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In this section we give a brief introduction to the methods used to characterise the accuracy of measuring instruments.

This will help you to make corrections to your instrument readings and calculate the uncertainty in your measurements. Throughout the discussion we refer to ‘the instrument’. The term includes all indicating instruments such as thermometers, voltmeters and mass balances. It also includes ‘material measures’ such as standard masses, standards of electrical quantities, and photometric reflectance.

Characterising the accuracy of an instrument

From experience we all know that measuring instruments are not perfect. One person may get nearly the same result every time a measurement is made, but another person may define the measurement differently and get a different result because the instrument is sensitive to the measurement setup. Even if a measurement is repeated by the same person with the same instrument a slightly different reading is expected. For example, when a wooden rule is used to measure a length some of the variation between measurements is due to an inability to position the rule against the object in exactly the same place every time. Some of the variation is also due to an inability to read the scale accurately, changes in the length of the rule with temperature and humidity, and similar changes in the length of the object. These variations are typical of every measurement.

Some measuring instruments are better than others. For example a steel rule may have better quality scale markings, and be less sensitive to environmental influences than a wooden rule. Repeated measurements made with the steel rule usually result in smaller variations between readings. One of the tasks of the calibration laboratory is to measure just how accurate each measuring instrument is.

To measure the variations in readings associated with a particular instrument, a number of comparisons are made with a more accurate instrument. The differences between the readings of the two instruments provide us with information for calculating the uncertainty. Figure 2 gives a pictorial view of the results of measurements we might expect for the wooden rule.

We can describe the variations in terms of the centre and the width of the distribution of readings.

  • The centre of the distribution of readings is characterised by the mean, which will usually be biased away from the reference value.
  • The width of the distribution is characterised by the standard deviation or a range of values.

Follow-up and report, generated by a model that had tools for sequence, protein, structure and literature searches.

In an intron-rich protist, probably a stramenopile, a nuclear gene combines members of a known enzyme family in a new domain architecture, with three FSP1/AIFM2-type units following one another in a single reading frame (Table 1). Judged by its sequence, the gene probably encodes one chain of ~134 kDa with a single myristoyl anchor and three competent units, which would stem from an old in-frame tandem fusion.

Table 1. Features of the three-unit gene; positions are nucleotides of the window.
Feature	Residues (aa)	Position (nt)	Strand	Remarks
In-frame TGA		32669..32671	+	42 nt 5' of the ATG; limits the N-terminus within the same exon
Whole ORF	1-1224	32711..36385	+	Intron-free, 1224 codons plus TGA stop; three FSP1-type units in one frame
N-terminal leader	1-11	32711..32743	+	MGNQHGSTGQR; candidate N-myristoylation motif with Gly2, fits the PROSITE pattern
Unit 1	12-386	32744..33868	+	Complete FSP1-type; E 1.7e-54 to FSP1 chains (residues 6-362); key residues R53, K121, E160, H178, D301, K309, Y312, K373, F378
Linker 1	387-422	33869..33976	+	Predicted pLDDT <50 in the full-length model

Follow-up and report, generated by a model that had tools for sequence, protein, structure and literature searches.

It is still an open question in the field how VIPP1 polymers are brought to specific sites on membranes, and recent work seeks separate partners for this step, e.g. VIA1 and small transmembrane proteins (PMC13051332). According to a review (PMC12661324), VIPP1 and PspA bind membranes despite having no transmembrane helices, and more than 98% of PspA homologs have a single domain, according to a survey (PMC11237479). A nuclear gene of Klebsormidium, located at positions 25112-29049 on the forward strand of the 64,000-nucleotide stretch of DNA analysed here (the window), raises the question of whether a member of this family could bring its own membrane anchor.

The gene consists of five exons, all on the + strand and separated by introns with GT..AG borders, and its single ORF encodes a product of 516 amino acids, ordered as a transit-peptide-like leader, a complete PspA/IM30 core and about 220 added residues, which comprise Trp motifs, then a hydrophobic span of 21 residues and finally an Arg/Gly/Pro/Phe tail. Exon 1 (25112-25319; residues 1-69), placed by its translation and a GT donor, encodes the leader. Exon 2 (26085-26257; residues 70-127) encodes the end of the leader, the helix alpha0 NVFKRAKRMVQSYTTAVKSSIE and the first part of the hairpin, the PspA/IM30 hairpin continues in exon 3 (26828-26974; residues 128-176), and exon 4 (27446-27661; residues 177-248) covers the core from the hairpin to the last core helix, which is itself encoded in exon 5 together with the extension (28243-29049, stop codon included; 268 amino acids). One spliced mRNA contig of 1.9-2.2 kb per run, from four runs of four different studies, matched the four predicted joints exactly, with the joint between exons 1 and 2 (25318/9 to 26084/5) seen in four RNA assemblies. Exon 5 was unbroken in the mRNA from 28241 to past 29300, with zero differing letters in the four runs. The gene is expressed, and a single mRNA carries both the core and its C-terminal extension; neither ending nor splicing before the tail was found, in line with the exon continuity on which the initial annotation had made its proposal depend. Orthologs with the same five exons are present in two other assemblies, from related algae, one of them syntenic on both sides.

The calibration certificate provides you with:

  • The means to apply corrections to the instrument’s readings, which removes the bias. For material measures the certificate will give the average value, e.g. the certificate for a standard mass will report the average mass.
  • A number which measures the width of the distributions of the measured values for the corrected instrument readings or values. This is the uncertainty.

The results supplied on the certificate are sufficient to relate the instrument readings to the SI over the entire range of interest. Note that the range of interest can be less than the full range of the instrument as specified by the manufacturer. Where non-SI units are used e.g. pounds, gallons etc., MSL will provide a conversion factor to the appropriate SI units.

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Applying Corrections to Instrument Readings

Certificates are presented in a manner that simplifies the application of the results to your measurements. Here we give some examples of how to apply corrections to instrument readings. The calibration certificate reports results at selected points over the range of interest, as it is not practical to take or report measurements at every possible reading of most instruments. The spacing and number of points selected are sufficient to allow corrections for any reading to be deduced with sufficient accuracy by linear interpolation. If linear interpolation is considered inadequate, then an appropriate equation for the correction terms will be given. As a general rule, extrapolation of corrections is not recommended.

1. A certificate reporting a table of corrections

Consider a calibration certificate reporting corrections:

Instrument reading (units)  Correction (units)
100 -0.2
110 -0.3
120 -0.3

The result of a measurement in which the instrument gave a reading of 110 units is obtained by adding the correction to the reading: